The RapIT study was a randomized strategy evaluation of the feasibility, effectiveness, and cost-effectiveness of rapid ART initiation using accelerated clinic procedures and point-of-care laboratory tests. Outpatient, non-pregnant, HIV-positive adults who came to two South African clinics for an HIV test or CD4 count, consented to study participation, and were eligible for ART under 2010 guidelines were randomized 1:1 to rapid ART initiation or to standard care. Those who were assigned to rapid ART initiation had the possibility of receiving their first dose of ARVs on the same day, while those assigned to standard care follow the clinic’s usual procedures for starting ART. A second sample of ART-eligible pregnant women were offered rapid ART initiation in a programmatic evaluation conducted alongside the randomized evaluation, with a retrospective comparison group. The cost effectiveness of the rapid initiation strategy was assessed as the cost per patient achieving the primary outcome of viral suppression within 10 months of study enrollment.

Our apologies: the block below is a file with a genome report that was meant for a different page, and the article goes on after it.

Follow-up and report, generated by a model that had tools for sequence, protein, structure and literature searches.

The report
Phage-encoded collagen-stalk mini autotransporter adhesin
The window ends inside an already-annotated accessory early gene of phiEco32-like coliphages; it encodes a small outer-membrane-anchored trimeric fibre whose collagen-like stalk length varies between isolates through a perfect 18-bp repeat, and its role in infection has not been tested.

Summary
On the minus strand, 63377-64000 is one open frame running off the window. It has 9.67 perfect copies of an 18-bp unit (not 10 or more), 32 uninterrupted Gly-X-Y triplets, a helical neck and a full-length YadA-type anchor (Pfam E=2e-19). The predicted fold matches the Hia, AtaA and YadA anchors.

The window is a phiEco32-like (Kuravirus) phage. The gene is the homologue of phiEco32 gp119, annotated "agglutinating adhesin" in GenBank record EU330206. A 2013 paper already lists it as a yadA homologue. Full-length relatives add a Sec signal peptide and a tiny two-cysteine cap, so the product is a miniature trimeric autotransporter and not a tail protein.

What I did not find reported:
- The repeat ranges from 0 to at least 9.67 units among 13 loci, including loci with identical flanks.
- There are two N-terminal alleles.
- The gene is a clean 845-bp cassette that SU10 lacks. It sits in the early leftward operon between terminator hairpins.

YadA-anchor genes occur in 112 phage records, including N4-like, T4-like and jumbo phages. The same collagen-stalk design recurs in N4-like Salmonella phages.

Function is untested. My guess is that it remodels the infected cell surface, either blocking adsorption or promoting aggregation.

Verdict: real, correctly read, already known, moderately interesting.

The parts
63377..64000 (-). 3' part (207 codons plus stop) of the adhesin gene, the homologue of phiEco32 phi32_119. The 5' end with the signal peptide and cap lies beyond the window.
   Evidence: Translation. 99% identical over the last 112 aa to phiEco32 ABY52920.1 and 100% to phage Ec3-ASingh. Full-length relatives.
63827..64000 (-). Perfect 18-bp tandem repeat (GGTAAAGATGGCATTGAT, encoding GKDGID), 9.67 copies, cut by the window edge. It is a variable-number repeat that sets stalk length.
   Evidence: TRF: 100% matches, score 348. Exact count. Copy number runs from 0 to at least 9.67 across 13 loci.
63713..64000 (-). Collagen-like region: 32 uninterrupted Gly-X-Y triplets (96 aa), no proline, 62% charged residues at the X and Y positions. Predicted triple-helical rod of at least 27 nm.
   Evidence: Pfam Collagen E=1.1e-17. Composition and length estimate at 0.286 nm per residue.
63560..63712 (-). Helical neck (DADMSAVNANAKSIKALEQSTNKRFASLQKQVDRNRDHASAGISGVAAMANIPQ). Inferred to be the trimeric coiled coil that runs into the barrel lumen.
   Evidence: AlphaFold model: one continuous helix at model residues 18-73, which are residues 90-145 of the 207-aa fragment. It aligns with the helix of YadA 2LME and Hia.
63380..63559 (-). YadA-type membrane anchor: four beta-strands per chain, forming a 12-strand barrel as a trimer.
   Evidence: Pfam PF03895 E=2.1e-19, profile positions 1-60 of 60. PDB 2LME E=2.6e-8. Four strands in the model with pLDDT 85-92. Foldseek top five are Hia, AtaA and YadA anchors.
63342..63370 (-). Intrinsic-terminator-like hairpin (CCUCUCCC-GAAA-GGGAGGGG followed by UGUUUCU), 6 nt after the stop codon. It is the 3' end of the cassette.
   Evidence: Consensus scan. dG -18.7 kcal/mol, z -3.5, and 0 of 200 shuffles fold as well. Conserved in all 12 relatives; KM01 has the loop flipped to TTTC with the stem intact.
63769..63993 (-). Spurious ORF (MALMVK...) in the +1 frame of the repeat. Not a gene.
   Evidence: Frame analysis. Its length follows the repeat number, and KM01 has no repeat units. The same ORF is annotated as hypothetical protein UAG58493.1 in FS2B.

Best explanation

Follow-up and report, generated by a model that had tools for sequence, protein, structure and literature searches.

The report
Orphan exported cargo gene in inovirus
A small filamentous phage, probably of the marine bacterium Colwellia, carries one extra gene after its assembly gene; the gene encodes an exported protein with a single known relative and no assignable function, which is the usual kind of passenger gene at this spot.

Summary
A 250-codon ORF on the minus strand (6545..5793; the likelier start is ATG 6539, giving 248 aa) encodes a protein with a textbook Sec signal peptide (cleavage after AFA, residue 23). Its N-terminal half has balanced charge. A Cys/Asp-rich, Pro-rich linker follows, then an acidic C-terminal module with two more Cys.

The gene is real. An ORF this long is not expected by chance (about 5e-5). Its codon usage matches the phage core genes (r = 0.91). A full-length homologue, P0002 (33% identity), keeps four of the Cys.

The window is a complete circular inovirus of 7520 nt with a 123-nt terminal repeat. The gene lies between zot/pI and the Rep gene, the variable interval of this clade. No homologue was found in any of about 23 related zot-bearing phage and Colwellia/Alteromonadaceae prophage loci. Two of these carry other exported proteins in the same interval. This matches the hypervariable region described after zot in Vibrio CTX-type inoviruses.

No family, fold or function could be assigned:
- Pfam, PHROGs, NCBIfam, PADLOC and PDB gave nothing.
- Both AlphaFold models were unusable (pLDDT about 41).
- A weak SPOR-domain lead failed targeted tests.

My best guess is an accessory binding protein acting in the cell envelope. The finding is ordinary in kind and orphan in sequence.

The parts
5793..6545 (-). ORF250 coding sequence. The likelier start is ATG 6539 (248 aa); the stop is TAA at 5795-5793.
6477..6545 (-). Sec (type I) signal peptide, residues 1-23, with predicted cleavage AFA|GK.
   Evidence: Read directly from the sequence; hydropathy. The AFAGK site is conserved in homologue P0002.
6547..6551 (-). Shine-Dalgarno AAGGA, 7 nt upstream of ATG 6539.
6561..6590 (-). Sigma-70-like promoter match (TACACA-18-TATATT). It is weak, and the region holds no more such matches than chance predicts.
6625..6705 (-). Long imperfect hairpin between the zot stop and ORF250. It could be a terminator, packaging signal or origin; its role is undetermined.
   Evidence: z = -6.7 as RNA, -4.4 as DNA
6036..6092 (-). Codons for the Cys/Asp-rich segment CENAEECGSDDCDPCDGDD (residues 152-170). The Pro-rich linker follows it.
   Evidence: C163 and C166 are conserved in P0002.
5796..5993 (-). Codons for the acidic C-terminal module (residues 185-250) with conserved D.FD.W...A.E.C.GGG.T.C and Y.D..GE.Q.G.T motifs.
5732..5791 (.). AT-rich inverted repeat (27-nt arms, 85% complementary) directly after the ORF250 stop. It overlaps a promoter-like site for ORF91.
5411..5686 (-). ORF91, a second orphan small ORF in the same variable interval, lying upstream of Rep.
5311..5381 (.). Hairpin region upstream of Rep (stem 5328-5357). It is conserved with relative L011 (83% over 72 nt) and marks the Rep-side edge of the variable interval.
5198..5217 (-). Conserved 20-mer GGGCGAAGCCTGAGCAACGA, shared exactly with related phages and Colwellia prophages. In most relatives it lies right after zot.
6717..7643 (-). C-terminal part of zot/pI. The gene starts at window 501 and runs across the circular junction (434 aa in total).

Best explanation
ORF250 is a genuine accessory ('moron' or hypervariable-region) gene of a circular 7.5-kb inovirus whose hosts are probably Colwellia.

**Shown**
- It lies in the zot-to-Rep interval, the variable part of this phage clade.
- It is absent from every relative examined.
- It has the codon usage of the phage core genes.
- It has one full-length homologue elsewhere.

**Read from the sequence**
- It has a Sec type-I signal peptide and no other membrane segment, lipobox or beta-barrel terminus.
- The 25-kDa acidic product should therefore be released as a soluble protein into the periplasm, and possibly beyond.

The study found that non-pregnant patients offered same-day ART initiation were 36% more likely to start ART within 90 days and 26% more likely to be virally suppressed 10 months later than those who were offered standard initiation. Same-day initiation is thus a promising strategy for increasing earlier uptake of ART, reducing pre-initiation loss to follow-up, and improving the health of the HIV-positive population.
The following publications emanate from this project:
HE2RO staff involvedProfessor Ian Sanne Sydney Rosen Matthew Fox Dr Mhairi Maskew Constance Mongwenyana Given Malete Hazel Tau Michael Mothapo
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